Perhaps not even the NBA champion Los Angeles Lakers would have knocked off Kansas on Monday night. That's conjecture, though.
"The Lakers might," Iowa State's Shane Power opined. "The Bulls wouldn't."
Regardless of the level Kansas achieved in its 102-66 Big 12 Conference championship-clinching triumph, the two-time defending league champ Cyclones knew they were out of their league.
"Honestly, I had a feeling they'd play like this," Power said. "Right from the tip we let them get going. They were obviously pumped up. From the first tip, I didn't think we were in the game."
Iowa State paid the price for posting victories in the Allen Fieldhouse the last two years. Another factor may have played a role, too Â the fact the Jayhawks lost to UCLA the only other week they were ranked No. 1 this season.
"Yeah, I think that was in the back of their minds," ISU guard Jake Sullivan said. "They wanted to stay there longer than a week. They were perfect tonight. I don't know if they're the best team in the country. I haven't seen every team. But they're the best team we've played. They can beat anybody."
Kansas scored as many points in the paint Â 66 Â as Iowa State scored all night. Drew Gooden, Nick Collison and Wayne Simien combined for 57 points and 22 rebounds.
Meanwhile, Iowa State's best big man, 6-foot-7 Tyray Pearson, was overmatched. Pearson, the Big 12's third-leading scorer at 19.3 points a game, missed eight of nine shots and settled for three points.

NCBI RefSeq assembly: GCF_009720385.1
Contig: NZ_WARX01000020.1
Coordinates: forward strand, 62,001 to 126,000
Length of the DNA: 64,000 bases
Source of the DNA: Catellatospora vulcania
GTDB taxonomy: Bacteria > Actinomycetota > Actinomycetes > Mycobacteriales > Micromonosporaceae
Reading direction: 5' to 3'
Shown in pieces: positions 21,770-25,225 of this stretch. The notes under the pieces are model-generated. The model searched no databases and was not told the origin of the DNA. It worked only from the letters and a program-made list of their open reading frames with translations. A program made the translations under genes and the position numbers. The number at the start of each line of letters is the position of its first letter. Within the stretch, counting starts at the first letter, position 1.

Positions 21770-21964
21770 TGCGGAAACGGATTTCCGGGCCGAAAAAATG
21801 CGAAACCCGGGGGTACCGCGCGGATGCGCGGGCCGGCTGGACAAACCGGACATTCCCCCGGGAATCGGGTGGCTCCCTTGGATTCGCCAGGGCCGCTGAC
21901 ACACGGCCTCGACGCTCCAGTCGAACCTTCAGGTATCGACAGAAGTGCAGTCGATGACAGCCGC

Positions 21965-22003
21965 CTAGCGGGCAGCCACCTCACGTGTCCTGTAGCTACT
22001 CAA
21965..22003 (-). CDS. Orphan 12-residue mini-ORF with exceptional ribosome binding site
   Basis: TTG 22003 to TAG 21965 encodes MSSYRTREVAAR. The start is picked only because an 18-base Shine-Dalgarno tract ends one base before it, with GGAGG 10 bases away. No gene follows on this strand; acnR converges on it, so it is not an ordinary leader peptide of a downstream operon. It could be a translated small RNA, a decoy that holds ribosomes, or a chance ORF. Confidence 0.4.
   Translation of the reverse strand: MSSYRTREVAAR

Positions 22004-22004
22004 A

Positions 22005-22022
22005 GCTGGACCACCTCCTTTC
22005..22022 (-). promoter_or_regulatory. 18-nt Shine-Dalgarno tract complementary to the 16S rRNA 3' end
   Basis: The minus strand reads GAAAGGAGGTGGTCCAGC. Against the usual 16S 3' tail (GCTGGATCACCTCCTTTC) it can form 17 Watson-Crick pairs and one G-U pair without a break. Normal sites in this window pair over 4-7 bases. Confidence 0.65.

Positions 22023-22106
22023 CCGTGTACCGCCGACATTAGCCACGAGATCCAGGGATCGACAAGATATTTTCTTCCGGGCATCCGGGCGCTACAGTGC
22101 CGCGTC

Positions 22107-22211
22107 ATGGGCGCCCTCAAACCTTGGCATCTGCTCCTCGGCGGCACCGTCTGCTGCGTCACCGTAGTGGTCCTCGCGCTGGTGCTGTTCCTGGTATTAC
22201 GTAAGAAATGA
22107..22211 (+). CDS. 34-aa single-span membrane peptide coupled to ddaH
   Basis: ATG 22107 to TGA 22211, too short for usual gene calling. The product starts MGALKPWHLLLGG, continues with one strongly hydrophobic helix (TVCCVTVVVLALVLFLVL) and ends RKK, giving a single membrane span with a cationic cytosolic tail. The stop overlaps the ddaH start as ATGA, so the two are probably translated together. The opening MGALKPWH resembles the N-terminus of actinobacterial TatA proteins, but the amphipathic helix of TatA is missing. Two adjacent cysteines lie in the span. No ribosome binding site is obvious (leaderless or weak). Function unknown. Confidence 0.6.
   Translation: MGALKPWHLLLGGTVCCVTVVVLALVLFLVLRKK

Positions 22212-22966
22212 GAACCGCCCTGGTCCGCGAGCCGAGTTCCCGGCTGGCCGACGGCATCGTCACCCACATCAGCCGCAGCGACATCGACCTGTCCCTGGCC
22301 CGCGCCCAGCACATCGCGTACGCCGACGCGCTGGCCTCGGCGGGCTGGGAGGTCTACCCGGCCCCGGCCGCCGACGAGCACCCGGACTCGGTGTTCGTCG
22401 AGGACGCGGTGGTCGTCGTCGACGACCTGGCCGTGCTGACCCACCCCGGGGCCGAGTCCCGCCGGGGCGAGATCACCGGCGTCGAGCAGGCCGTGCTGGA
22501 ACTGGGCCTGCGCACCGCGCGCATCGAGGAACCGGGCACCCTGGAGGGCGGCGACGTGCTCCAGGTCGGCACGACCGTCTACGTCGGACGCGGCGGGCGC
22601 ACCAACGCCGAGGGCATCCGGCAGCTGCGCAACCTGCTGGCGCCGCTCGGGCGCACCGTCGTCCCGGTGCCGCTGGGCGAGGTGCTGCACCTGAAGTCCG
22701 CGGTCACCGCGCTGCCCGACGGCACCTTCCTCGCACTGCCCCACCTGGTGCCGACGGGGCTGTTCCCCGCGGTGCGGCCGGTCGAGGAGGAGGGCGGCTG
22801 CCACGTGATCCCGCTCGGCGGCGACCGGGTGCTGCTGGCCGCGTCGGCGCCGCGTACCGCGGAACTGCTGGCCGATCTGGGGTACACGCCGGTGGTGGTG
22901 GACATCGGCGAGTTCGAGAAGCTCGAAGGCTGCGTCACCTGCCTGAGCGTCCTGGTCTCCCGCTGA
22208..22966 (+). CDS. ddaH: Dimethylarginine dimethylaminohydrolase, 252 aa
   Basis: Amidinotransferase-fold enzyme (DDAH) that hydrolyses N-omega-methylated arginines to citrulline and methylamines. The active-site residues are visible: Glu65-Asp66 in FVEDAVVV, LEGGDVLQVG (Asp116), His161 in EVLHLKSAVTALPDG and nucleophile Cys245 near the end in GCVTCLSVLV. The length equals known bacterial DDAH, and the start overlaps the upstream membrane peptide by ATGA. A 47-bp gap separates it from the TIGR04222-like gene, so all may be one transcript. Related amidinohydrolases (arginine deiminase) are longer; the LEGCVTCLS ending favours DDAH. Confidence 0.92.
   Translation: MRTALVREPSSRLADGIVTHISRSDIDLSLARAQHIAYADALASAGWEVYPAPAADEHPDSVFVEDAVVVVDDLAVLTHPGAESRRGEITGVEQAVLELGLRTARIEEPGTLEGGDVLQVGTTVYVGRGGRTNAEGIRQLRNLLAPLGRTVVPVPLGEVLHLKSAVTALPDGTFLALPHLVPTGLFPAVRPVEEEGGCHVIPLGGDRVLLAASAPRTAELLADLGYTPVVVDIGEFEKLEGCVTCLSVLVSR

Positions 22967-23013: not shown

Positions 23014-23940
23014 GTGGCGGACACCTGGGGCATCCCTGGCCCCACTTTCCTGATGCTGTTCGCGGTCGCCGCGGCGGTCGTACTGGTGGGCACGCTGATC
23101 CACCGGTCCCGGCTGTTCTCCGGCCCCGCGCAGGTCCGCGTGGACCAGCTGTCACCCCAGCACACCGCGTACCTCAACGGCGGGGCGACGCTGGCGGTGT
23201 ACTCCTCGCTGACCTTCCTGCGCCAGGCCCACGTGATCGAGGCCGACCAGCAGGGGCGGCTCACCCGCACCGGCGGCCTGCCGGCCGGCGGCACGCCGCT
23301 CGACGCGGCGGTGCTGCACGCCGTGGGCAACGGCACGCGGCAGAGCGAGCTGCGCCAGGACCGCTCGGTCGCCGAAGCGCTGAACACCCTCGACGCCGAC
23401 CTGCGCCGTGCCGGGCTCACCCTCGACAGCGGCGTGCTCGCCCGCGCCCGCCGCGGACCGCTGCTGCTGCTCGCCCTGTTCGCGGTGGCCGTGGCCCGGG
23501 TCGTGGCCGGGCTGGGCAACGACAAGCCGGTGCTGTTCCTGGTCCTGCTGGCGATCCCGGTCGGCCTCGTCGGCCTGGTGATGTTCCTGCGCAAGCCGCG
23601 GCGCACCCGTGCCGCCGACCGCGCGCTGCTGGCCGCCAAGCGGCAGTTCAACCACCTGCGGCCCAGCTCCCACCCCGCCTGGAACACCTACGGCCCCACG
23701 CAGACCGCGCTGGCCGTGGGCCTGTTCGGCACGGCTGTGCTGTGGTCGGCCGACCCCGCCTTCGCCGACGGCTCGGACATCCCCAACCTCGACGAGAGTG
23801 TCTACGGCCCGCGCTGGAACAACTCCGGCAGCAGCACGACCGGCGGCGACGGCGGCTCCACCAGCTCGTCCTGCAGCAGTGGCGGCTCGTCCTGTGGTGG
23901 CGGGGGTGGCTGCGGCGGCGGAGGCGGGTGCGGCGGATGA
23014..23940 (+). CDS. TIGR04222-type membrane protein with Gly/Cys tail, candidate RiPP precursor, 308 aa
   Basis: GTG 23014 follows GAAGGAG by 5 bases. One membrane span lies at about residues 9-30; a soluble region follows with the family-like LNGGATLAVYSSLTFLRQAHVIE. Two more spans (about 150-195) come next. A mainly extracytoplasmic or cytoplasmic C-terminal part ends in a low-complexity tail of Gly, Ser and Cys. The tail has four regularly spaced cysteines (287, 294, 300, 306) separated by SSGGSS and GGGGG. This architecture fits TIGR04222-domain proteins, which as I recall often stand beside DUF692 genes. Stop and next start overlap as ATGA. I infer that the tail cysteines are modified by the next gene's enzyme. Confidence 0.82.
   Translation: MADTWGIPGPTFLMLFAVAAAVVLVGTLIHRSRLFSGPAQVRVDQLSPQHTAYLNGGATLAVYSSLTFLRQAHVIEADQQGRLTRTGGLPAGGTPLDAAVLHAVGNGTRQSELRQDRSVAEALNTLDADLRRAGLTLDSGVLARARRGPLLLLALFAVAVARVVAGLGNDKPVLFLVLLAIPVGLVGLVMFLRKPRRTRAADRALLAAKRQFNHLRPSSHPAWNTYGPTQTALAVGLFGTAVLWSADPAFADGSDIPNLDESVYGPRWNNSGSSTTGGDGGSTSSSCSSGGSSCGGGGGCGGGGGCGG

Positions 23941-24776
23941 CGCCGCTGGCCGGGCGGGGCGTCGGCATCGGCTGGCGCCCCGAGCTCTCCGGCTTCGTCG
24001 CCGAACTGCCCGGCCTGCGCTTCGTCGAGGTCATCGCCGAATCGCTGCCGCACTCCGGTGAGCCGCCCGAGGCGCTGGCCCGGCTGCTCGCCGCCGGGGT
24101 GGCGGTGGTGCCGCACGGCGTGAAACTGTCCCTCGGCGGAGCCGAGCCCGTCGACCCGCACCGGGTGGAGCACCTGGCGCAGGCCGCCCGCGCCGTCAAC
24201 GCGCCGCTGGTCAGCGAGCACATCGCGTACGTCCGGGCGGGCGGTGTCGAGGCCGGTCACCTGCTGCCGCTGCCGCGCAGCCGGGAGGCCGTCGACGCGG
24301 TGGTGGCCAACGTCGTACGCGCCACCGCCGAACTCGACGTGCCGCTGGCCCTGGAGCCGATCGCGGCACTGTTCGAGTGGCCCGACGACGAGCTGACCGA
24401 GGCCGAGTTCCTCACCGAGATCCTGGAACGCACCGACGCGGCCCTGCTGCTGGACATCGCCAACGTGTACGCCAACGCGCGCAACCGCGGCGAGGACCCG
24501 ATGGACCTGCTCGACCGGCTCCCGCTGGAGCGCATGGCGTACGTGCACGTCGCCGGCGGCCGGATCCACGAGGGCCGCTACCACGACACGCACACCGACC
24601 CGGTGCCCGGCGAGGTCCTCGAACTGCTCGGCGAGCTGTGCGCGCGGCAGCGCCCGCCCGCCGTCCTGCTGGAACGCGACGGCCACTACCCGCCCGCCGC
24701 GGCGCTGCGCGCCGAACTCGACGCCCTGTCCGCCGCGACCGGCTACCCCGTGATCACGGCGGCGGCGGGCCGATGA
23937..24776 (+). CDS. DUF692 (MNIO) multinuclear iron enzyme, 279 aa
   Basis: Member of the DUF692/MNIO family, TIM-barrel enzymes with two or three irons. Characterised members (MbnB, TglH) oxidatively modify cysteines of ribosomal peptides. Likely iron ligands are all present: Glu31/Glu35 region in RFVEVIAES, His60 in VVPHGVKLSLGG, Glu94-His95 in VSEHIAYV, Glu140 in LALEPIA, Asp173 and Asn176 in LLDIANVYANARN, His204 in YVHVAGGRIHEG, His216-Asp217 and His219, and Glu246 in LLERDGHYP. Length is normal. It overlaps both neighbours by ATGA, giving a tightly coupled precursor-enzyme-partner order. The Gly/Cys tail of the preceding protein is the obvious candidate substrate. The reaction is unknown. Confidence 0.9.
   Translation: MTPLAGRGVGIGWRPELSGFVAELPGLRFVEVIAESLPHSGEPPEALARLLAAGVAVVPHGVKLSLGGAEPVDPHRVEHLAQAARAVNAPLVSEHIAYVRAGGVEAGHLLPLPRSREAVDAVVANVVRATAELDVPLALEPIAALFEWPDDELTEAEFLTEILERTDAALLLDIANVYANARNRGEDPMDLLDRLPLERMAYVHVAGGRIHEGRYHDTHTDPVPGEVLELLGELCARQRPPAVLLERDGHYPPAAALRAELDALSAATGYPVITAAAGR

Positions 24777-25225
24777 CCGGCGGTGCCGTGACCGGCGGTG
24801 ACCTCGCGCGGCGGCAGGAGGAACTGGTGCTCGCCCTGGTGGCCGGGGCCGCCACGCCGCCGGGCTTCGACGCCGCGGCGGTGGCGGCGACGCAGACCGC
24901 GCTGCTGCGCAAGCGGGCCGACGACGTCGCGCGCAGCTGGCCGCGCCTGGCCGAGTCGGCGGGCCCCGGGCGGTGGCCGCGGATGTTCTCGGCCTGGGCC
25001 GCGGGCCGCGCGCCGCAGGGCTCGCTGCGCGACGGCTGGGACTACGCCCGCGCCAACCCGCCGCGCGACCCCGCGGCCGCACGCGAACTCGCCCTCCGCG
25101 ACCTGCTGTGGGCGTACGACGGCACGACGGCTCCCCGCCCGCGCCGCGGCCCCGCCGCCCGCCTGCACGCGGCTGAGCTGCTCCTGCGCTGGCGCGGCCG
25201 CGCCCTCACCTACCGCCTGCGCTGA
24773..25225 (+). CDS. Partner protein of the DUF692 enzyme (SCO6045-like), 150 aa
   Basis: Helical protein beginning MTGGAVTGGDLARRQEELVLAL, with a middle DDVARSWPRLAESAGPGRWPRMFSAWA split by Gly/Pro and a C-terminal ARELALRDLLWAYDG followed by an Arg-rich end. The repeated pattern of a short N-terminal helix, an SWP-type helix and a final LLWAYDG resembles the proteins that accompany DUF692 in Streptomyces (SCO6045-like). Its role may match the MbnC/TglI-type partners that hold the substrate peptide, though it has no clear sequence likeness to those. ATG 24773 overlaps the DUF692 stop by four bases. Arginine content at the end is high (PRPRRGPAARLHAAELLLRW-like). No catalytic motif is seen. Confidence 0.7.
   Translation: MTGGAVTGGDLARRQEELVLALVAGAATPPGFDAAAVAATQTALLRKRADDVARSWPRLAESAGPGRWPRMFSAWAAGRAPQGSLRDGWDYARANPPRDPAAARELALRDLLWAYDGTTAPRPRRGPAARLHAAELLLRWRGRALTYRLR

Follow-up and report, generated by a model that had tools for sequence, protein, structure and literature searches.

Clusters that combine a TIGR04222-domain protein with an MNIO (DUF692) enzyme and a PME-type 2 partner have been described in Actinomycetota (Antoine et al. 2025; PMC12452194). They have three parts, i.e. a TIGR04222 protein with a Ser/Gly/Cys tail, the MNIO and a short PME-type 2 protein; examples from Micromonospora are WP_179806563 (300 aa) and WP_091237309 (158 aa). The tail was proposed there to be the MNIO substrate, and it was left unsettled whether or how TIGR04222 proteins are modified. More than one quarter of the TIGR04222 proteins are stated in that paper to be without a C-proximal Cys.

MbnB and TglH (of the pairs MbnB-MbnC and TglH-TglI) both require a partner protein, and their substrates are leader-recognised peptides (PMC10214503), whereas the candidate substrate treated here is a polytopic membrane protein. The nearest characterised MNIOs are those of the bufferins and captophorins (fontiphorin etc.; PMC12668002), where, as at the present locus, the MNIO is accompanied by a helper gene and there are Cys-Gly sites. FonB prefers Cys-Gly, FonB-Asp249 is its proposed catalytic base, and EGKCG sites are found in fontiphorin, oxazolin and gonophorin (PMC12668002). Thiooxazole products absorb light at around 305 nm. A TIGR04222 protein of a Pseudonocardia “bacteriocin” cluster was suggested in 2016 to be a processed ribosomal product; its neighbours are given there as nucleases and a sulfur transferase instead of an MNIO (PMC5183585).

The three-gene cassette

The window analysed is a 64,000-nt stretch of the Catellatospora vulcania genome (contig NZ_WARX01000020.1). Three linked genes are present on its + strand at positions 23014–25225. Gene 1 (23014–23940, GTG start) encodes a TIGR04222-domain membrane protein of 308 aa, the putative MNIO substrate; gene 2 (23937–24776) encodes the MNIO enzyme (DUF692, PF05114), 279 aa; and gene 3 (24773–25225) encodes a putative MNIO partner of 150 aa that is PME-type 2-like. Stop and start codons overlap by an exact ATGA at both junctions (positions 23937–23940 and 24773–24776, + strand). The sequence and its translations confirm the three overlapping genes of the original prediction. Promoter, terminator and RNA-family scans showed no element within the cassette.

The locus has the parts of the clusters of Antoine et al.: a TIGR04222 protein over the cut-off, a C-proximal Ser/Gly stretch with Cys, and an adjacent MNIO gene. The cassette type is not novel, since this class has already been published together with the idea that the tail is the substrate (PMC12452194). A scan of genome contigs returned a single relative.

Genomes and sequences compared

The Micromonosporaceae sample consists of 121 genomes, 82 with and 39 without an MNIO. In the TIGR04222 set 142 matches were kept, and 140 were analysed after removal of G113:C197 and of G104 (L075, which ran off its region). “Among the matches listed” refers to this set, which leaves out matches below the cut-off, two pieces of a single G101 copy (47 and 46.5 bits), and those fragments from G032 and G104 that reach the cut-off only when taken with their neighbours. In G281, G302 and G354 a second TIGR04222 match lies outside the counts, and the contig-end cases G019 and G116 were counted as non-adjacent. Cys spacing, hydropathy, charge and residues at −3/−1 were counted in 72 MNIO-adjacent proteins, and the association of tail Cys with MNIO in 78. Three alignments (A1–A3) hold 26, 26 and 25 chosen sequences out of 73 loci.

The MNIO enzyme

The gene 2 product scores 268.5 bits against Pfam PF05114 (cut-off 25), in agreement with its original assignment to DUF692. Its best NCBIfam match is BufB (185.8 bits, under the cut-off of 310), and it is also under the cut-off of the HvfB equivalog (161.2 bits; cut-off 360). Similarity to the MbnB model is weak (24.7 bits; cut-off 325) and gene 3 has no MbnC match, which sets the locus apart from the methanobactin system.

"They came out and played like they were No. 1," Pearson said. "It would have been hard for anybody to beat them tonight, especially in this fieldhouse."
Pearson had ample opportunity to make an analysis. He spent the last 15 minutes on the bench as coach Larry Eustachy's guest. Eustachy hooked him.
"I wasn't executing on either end of the floors," Pearson explained, "and coach put somebody in who could help the team."
Nobody could help the Cyclones, though. So lopsided was the score that KU coach Roy Williams inserted his end-of-the-benchers with five minutes remaining. Usually it's news if those caddies log as many as two minutes.
"I told Roy I appreciated him taking out his superstars and putting in the scholars," Eustachy said, "but they still beat us every way they could. Their effort was tremendous. They got us in transition all night."
Earlier in the day during the Big 12 coaches teleconference, Eustachy had been asked to pick the league's MVP.
"I said (Kirk) Hinrich was great and Gooden is big-time," Eustachy said, "but Roy has this team as together as any team I've ever seen coached. They play with a purpose and they got their purpose on us big-time."
Monday's defeat was Iowa State's worst in the Big 12 and Eustachy's worst ever. It was only the second time a foe had reached the century mark against a Eustachy-coached team. It was ISU's most lopsided defeat since a 93-54 pasting by TCU in 1997. Tim Floyd was coach then.
Sullivan led the Cyclones with 14 points. He made five of 12 shots, but most were with a hand in his face. KU's perimeter defense Â Jeff Boschee in particular Â was nearly impenetrable.
"Without a doubt," Sullivan said. "Their defense was great. Boschee is as good a defender as there is in the conference."
Iowa State, 11-16 overall and 3-10 in the league, slipped a half-game into the cellar and remains in danger of going from first to worst in league standings.